People v. Powell

Citation236 Cal.Rptr.3d 316,422 P.3d 973,5 Cal.5th 921
Decision Date13 August 2018
Docket NumberS137730
CourtUnited States State Supreme Court (California)
Parties The PEOPLE, Plaintiff and Respondent, v. Troy Lincoln POWELL, Defendant and Appellant.

R. Clayton Seaman, Jr., under appointment by the Supreme Court, for Defendant and Appellant.

Kamala D. Harris and Xavier Becerra, Attorneys General, Dane R. Gillette, Chief Assistant Attorney General, Lance E. Winters, Assistant Attorney General, Jaime L. Fuster and Pamela C. Hamanaka, Deputy Attorneys General, for Plaintiff and Respondent.

CANTIL-SAKAUYE, C. J.

A jury convicted defendant Troy Lincoln Powell of the first degree murder of Tammy Epperson ( Pen. Code, § 187, subd. (a) )1 and found true three special circumstance allegations: that the murder was committed while defendant was engaged in the commission of rape (§ 190.2, subd. (a)(17)(C) ) and mayhem (§ 190.2, subd. (a)(17)(J) ), and the murder involved the infliction of torture (§ 190.2, subd. (a)(18) ). The jury also convicted defendant of forcible rape (§ 261, subd. (a)(2) ), mayhem (§ 203), and torture (§ 206). In a separate proceeding, the jury found that defendant was sane when he committed the crimes of which he was convicted.

The original jury was unable to reach a verdict in the penalty phase, but a newly-selected jury returned a verdict of death after a second penalty proceeding. Defendant moved for a new trial and for modification of his sentence to life without the possibility of parole. The trial court denied those motions and sentenced defendant to death.2 This appeal is automatic. (§ 1239, subd. (b).) For the reasons that follow, we affirm the judgment.

I. FACTS
A. Guilt Phase Evidence
1. Prosecution evidence

Tammy Epperson was a recovering heroin addict who had recently completed a 12-step treatment program and held a responsible job. Epperson lived on her own at Ballington Plaza, an apartment complex that accepted referrals from substance abuse recovery and inmate rehabilitation programs. The property manager there described Epperson as "a very good tenant.... [S]he took care of herself. She spoke well, she was very proud of what she was doing ..., and she paid rent on time." Her apartment was "very neat, everything in the right places."

Defendant met Epperson in the summer of 2000, while he was residing at Weingart Center in Los Angeles, which provided short-term housing and programs for persons recovering from substance abuse. Defendant had recently been released from prison. Epperson had gone to Weingart Center to visit Timothy Todd, a mutual friend of defendant and Epperson who was working there. Defendant noticed Epperson and later asked Todd to introduce him to her. Epperson was "hesitant" to meet defendant because "she didn't want a relationship" at that time. Not long before, Epperson had broken off a romantic relationship when she discovered that her boyfriend, Ronald Sims, had lapsed back into substance abuse. Todd persisted, however, and Epperson eventually relented. Defendant, Epperson, and Todd soon began spending time together, attending movies, eating out, and driving together in defendant’s truck.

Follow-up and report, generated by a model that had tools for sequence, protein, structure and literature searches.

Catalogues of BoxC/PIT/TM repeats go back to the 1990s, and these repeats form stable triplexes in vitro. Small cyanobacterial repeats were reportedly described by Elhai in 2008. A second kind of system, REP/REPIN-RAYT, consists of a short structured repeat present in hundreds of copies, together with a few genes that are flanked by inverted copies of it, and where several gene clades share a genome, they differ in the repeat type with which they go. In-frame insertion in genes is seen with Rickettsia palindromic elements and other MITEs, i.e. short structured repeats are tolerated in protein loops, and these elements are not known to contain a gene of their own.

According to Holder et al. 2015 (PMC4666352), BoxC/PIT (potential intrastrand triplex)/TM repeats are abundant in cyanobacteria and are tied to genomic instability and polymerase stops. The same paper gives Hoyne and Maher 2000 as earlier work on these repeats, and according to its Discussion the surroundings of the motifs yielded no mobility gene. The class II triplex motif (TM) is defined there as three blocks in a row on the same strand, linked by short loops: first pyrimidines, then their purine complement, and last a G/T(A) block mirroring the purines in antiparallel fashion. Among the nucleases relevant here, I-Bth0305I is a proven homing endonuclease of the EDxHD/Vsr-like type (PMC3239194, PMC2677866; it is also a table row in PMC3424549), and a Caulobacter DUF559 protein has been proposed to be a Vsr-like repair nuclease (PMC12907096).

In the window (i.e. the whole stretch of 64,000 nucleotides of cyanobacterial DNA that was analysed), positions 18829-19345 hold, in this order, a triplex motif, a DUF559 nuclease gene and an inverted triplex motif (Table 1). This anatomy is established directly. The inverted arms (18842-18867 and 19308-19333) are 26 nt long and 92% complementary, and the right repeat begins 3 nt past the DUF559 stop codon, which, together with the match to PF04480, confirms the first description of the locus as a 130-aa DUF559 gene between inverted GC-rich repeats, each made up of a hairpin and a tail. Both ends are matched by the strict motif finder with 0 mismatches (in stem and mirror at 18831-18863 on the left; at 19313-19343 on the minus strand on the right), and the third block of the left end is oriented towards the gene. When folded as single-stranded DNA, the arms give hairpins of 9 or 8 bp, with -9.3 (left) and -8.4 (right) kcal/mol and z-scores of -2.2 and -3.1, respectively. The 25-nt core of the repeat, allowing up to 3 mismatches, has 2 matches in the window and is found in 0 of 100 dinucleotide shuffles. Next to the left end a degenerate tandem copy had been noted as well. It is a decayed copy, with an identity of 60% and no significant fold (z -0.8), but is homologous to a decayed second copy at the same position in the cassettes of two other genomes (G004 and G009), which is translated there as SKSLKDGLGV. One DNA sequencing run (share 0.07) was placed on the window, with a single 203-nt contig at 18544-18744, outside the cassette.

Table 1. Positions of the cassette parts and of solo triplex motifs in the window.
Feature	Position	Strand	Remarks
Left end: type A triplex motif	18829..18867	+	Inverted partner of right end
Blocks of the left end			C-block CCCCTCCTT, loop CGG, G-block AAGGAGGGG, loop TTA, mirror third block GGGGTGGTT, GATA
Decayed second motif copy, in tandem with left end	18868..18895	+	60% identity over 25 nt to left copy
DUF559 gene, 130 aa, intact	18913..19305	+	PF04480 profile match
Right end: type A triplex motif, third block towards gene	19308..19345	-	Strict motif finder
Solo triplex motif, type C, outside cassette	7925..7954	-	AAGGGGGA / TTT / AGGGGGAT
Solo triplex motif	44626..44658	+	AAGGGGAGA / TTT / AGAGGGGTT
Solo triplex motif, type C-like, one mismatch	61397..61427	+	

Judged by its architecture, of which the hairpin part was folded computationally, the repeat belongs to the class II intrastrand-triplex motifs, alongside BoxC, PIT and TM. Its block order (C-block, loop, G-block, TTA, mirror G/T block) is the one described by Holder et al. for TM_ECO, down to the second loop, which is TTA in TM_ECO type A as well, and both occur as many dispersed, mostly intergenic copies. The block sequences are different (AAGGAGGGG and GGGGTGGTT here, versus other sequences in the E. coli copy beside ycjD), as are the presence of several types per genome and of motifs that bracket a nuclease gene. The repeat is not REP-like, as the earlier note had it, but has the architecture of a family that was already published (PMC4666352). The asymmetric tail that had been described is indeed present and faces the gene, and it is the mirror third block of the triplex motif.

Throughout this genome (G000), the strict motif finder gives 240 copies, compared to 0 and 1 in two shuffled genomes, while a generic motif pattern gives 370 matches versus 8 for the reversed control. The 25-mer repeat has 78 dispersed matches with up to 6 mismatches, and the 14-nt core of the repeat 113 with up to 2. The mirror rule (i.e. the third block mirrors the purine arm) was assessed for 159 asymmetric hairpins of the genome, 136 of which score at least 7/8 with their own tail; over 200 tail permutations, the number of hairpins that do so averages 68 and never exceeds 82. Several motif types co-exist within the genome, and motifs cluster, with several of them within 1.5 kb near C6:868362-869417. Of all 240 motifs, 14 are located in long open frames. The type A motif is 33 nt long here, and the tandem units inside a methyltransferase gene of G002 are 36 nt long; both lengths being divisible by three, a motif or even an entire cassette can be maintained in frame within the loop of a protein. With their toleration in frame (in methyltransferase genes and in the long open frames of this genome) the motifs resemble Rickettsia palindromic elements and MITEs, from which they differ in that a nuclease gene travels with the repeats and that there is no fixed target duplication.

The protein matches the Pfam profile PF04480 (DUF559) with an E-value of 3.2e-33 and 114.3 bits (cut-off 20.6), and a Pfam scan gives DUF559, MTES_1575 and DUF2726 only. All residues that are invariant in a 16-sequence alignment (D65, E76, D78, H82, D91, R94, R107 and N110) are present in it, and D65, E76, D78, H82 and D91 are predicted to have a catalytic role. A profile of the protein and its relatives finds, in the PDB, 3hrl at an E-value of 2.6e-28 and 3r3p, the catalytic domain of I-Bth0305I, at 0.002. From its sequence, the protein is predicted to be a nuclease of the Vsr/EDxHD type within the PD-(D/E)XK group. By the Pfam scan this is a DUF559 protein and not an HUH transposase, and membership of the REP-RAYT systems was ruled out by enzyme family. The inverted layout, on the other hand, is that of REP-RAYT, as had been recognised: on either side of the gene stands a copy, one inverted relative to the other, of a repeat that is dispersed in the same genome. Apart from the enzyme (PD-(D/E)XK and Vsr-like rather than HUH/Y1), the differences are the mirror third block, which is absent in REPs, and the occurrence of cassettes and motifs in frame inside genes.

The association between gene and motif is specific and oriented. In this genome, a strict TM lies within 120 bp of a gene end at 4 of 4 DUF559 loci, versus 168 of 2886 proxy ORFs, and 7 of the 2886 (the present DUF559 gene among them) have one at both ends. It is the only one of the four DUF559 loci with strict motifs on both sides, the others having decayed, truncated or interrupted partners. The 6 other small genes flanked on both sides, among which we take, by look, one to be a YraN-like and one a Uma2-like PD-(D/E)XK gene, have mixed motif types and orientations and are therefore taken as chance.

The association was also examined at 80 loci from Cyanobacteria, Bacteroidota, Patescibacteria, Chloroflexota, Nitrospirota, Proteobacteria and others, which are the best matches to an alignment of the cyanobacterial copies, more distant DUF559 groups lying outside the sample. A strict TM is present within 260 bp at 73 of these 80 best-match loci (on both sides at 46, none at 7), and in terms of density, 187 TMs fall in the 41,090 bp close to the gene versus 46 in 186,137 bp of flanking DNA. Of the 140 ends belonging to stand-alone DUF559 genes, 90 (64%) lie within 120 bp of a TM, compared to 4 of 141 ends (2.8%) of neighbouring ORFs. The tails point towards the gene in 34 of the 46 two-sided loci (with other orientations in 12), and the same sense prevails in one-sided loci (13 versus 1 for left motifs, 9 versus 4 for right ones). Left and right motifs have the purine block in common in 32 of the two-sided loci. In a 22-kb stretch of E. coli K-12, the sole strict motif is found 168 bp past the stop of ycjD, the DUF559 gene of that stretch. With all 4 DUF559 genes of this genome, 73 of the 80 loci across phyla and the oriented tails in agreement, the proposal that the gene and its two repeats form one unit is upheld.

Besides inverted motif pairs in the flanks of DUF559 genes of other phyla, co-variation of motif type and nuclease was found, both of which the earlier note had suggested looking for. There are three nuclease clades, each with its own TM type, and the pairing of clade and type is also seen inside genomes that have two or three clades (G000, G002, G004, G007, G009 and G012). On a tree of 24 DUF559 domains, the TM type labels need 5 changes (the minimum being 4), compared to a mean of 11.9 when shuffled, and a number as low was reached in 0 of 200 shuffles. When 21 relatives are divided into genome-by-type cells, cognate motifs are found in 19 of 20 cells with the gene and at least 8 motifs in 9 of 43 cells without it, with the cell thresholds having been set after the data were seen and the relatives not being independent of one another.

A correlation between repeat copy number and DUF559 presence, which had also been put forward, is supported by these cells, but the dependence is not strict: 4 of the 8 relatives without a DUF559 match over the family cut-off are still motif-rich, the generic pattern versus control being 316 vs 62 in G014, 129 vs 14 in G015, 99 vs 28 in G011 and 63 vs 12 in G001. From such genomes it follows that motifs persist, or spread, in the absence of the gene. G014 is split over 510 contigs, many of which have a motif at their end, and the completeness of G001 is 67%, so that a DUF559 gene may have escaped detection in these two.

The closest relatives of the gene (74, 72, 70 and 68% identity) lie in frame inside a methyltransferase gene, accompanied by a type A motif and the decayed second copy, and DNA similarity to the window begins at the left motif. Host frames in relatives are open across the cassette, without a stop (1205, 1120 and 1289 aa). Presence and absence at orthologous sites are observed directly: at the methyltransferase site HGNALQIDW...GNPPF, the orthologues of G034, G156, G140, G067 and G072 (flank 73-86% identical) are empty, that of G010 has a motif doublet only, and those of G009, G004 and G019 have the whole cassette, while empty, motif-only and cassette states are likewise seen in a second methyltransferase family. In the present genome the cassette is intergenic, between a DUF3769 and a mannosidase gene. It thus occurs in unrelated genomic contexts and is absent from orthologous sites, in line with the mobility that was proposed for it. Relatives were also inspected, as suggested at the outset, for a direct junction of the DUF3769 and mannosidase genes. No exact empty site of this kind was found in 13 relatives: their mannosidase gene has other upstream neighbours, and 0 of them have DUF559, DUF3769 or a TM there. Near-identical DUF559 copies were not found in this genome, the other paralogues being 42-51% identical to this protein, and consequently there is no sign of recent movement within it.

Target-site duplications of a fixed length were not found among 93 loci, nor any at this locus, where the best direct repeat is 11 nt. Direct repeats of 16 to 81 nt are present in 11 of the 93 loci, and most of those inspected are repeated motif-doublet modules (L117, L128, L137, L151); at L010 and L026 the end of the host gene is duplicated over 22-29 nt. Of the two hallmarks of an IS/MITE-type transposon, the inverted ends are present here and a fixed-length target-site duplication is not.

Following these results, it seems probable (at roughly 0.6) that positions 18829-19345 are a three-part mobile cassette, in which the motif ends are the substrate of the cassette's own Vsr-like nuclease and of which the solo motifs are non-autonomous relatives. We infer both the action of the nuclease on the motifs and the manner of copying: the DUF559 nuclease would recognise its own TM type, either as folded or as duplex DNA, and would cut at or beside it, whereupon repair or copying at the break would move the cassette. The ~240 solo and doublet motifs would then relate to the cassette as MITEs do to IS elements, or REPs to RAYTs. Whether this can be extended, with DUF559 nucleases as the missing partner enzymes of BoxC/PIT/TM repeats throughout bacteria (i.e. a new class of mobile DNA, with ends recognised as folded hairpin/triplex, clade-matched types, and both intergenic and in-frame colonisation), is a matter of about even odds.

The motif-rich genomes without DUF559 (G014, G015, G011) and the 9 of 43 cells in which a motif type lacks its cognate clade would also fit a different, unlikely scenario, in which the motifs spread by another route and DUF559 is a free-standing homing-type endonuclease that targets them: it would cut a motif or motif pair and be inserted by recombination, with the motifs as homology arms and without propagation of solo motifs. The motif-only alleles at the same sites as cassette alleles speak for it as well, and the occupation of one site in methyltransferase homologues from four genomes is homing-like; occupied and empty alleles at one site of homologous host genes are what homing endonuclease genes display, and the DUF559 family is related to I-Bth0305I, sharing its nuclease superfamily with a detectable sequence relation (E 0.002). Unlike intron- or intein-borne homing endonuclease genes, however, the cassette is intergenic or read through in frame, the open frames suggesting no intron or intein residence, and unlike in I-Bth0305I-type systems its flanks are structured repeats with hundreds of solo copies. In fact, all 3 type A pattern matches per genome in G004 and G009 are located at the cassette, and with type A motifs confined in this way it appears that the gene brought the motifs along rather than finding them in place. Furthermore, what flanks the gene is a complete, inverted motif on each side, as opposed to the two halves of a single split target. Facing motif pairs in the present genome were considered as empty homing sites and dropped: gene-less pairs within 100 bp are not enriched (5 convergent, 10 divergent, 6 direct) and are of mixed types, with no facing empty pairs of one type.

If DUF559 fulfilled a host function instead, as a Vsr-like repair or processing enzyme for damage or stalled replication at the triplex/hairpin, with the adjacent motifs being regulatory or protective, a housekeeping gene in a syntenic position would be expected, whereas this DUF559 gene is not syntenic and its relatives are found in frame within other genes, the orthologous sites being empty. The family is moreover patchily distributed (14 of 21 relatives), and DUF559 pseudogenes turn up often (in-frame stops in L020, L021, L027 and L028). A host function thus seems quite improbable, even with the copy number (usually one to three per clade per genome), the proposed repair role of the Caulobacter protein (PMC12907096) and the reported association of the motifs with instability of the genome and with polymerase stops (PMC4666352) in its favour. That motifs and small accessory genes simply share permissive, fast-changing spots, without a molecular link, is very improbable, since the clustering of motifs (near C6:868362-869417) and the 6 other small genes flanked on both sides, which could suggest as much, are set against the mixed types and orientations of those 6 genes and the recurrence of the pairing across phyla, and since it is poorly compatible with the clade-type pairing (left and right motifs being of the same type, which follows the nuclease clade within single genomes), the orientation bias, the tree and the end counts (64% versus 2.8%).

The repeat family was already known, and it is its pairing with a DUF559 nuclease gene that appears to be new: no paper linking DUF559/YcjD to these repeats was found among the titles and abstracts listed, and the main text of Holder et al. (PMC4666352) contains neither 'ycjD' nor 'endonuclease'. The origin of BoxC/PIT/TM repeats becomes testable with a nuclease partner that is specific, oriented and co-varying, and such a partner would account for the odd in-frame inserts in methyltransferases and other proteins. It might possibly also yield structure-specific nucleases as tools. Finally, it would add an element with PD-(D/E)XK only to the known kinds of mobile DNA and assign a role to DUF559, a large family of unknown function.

The nature of defendant’s relationship with Epperson was the subject of conflicting testimony. Todd, who was employed as Epperson’s assistant and claimed to be her confidant, did not believe she and defendant were ever romantically involved. Photographs and other evidence, however, suggested that Epperson and defendant eventually spent time together in Todd’s absence. Without question, defendant became obsessed with Epperson, declaring to Todd that he loved her and saying, "If I can't have her, nobody will. I'll kill her and myself." At some point, he became upset that she was "hanging around with other men." Defendant began to appear uninvited at Epperson’s workplace and to call her repeatedly. His behavior eventually became distressing to Epperson. In late October 2000, Todd testified, Epperson broke off relations with defendant, but he continued to call her "constantly" at work.

On a Sunday in early November, defendant was loitering across the street from Epperson’s church after services ended. She spotted him while she was standing outside the church, talking with Sims. Epperson and defendant were both Caucasian, while Sims was African-American. As will be discussed below, the inter-racial character of Epperson’s relationship with Sims may have been an irritant to defendant, who was affiliated with a white supremacist gang while in prison.

Epperson told Sims she had to "deal with this matter now," referring to defendant, and crossed the street to talk to defendant. According to the visitors' log at Ballington Plaza, defendant and Epperson entered the building that morning at 10:45 a.m., and defendant left at 1:26 p.m. The afternoon security guard, however, saw defendant walk through the lobby toward the exit doors between 2:00 and 3:00 that afternoon. Because the building required all guests to be escorted, the guard, who was familiar with Epperson and defendant, stopped defendant and asked him where Epperson was. Defendant replied that she was " ‘in her unit resting.’ " Later that day, defendant twice called Todd to ask him to check on Epperson, saying he had killed her, but Todd did not take defendant seriously.